The dollar sank to fresh record lows beyond $1.40 per euro on Thursday, weighed down by a hefty U.S. interest rate cut earlier this week and expectations of more moves to come.

The breach of the psychologically key $1.40 level -- heralded as a pain barrier for euro zone exporters -- came in early European trade, with the move taking out key stop-loss and option trading barriers and fuelling a broad-based euro rally.

The single European currency also rose above 70 pence for the first time in 1-1/2 years.

The U.S. Federal Reserve slashed interest rates by 50 basis points last Tuesday to 4.75 percent in a bid to shield the U.S. economy from a deepening housing slump and credit market turbulence. Fed Chairman Ben Bernanke speaks at 1400 GMT.

Investors expect more Fed cuts in the months to come while rhetoric from the European Central Bank suggests it could resume raising rates once calm return to financial markets.

As long as the market is focused on rate cut expectations from the Fed, the dollar will stay on the defensive, said Carole Laulhere, currency strategist at Societe Generale in Paris.

We are not massively negative (on the dollar) versus the euro because we are already at very high levels, but we think we will stay over $1.40 in the weeks ahead.

By 0718 GMT, the euro had risen to its highest levels since the launch of the single European currency in 1999. It hit all-time highs of $1.4040, up 0.4 percent on the day. The yen was up 0.4 percent at 115.52 per dollar.

The dollar also set 15-year lows against a basket of six major currencies, at 78.945. A move below 78.190 would take the dollar index to record lows.

On the flip side, the Australian and New Zealand dollars rallied broadly, as the Fed rate calmed risk aversion.

This made investors more willing to return to risky carry trades where purchases of high-yielding Antipodean currencies are funded by cheap borrowing in low-yielders such as the yen.

One high yielder which did not really benefit from stronger risk appetite though was sterling, which has been hit in recent days by worries over the health of the UK financial services and housing sectors and growing expectations of rate cuts from the Bank of England.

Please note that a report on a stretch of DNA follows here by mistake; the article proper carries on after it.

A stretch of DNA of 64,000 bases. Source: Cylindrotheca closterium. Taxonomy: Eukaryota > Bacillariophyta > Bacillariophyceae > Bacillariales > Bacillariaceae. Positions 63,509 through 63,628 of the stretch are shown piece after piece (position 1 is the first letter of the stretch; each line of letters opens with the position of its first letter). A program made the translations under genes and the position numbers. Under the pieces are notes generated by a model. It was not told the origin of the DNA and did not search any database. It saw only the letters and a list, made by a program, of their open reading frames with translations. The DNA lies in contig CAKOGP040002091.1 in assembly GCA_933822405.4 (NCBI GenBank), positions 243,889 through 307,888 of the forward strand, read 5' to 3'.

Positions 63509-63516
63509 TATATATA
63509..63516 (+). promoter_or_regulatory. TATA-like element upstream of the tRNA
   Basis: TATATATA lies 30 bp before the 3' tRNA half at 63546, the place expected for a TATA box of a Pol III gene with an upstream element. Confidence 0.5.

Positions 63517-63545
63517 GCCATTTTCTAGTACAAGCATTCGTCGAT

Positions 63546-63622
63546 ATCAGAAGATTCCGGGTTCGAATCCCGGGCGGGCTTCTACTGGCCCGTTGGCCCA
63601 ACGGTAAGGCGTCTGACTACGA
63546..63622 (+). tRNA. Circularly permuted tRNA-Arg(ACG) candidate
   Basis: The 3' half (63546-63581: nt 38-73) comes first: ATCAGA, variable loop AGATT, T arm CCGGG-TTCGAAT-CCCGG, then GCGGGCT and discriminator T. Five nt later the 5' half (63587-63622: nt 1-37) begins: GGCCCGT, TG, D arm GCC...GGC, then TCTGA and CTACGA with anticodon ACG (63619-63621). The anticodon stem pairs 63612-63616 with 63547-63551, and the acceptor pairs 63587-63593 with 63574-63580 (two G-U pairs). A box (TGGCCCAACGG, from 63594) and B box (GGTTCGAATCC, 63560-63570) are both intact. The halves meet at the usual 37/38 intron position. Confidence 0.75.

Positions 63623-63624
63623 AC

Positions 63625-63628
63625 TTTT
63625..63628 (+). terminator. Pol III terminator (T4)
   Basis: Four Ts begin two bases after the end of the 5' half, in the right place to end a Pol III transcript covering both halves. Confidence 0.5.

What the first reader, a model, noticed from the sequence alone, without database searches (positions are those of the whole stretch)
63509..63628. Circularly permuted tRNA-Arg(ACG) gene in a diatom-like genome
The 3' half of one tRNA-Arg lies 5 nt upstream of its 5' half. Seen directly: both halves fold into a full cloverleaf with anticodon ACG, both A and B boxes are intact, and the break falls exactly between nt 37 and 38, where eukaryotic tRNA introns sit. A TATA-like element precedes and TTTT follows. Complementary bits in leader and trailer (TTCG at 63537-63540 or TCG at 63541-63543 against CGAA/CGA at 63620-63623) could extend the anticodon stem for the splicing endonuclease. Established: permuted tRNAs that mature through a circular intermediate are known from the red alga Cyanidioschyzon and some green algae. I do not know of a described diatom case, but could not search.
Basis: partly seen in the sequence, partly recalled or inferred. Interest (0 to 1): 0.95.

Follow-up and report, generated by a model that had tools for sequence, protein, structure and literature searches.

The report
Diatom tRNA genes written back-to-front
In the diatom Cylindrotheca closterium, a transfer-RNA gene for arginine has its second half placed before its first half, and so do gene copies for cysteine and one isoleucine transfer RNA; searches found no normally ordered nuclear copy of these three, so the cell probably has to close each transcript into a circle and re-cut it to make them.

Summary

The euro rose as high as 70.06 pence, breaching the key 70 level for the first time since April 2006. On a trade-weighted basis, sterling opened at a fresh one-year low of 101.6.


BoE Governor Mervyn King and other policymakers are due to testify to Britain's Treasury Committee at 0845 GMT.

They could face questions over the BoE's U-turn on Wednesday in announcing a longer-term injection of cash into the tightly squeezed money markets and widening the range of collateral they are prepared to accept from other banks.

King had earlier resisted such moves, saying it was not the bank's job to rescue investors from bad decisions.

If the meeting underlines clear tensions between policymakers at the bank and at the Treasury, the negative sentiment evident on sterling may persist for a while longer, Calyon said in a research note.

A busy day for global central banker speeches also features public appearances by Bank of Japan Governor Toshihiko Fukui and ECB President Jean-Claude Trichet.

The main focus though will be on the Fed's Bernanke, who is scheduled to testify on problems in the high-risk subprime mortgage sector before a congressional committee.